“Well, Grandson, we let the corporations have their way with this planet so there are no fish to catch in the French Broad River anymore, but you can go watch movies about them at the new Megaplex next to the Grove Park Inn.”

    • factchecker

      Wasn’t the Clean Water Act passed in 1972, and signed into law by Richard Nixon?

      Wasn’t Ronald Reagan President when it was amended in 1987?

    • factchecker

      Wasn’t the Clean Water Act passed in 1972, and signed into law by Richard Nixon?

      Wasn’t Ronald Reagan President when it was amended in 1987?

  3. Ken410Berry

    “Mr. Conservative” Barry Goldwater himself said this about our environment:

    “While I am a great believer in the free enterprise system and all that it entails, I am an even stronger believer in the right our people to live in a clean and pollution-free environment.”
    “The Conscience of a Majority (1970)”

    Mr. McHenry needs to realize that conservation is not a Republican or a Democrat issue.

    • factchecker

      Don’t your own campaign positions for the Keystone pipeline and for development of natural gas also conflict with the goals of the League of Conservation Voters?

  4. TuckerdogAVL

    Some history. But it doesn’t matter. The district is rigged for a Republicon regardless of who runs and he’ll just be re-elected because of name recognition. In fact, this type of behavior is obviously supported…

  5. sharpleycladd

    Ah, the smell of despair in the morning.

    Mr. McHenry, by the way, is a wholly owned subsidiary of Bank of America, and pushed legislation that led to the closure of most of the credit unions in his district. Without even glancing at his environmental record, you can make the case that he’s one of the most corrupt members of Congress.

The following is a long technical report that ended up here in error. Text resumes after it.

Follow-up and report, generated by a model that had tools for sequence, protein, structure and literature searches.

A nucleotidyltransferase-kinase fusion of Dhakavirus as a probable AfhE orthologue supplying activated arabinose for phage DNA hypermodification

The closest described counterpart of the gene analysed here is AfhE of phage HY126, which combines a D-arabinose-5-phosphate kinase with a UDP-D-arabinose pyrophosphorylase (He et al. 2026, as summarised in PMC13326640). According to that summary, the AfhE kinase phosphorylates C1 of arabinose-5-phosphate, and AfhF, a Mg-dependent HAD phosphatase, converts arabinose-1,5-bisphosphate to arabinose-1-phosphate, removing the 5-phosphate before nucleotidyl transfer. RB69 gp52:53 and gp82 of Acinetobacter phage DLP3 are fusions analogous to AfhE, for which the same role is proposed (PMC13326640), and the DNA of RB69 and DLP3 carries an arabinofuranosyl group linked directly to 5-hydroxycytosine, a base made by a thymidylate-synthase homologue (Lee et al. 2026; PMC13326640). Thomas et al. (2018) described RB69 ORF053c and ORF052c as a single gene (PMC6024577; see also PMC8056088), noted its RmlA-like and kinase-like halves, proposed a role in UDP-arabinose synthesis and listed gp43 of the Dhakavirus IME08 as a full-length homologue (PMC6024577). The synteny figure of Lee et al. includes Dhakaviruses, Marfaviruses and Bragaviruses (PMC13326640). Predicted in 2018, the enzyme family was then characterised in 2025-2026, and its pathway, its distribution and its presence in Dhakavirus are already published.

But both parties do it, etc., and other rhetorical tropes of people who want to fail, who don’t really want to participate in democracy, etc.

    The first order of business is to vote Mr. McHenry out and replace him with somebody honest, preferably not of the braindead-ignorant-nativist-it’s-just-that-simple variety. Then stay in their face, watch how they vote, etc. It’s a drag. Where’s the remote?

    • factchecker

      One would think that “a wholly owned subsidiary of Bank of America” would have supported the bank bailouts instead of voting against them the way McHenry did. Go figure.

  6. TuckerdogAVL

    For those republicons with short memories (and as far as I can tell, all have short memories) one of the very first things Saint Ronnie did when he became president (1980) was to remove the solar panels from the White House as this showed our “weakness as a country.” And they have been “for the environment,” (except for oil/air/coal/ deregulation, mountain top removal, watering down EPA) and “fiscally conservative” (well, except for deregulation and destruction of the middle class) and “better at defense against foreign attack” (well, except for 9/11) and “against the liberal media” (well, except for owning most of it) and “for health care reform,” (well, except for turning it over to the insurance companies) ever since.

    • factchecker

      Wasn’t Ronald Reagan President when the Clean Water Act was amended in 1987? Didn’t he generally support the bill, but had to veto it because of an overly expensive part of the bill during a time of difficult finances?

      “Administration officials reiterated that the President supported clean water but objected to the expense of the sewage treatment program at a time of fiscal difficulty.”

      And now the left derides Reagan for increasing the national debt during his administration.

      As Doc Holiday said in “Tombstone”, “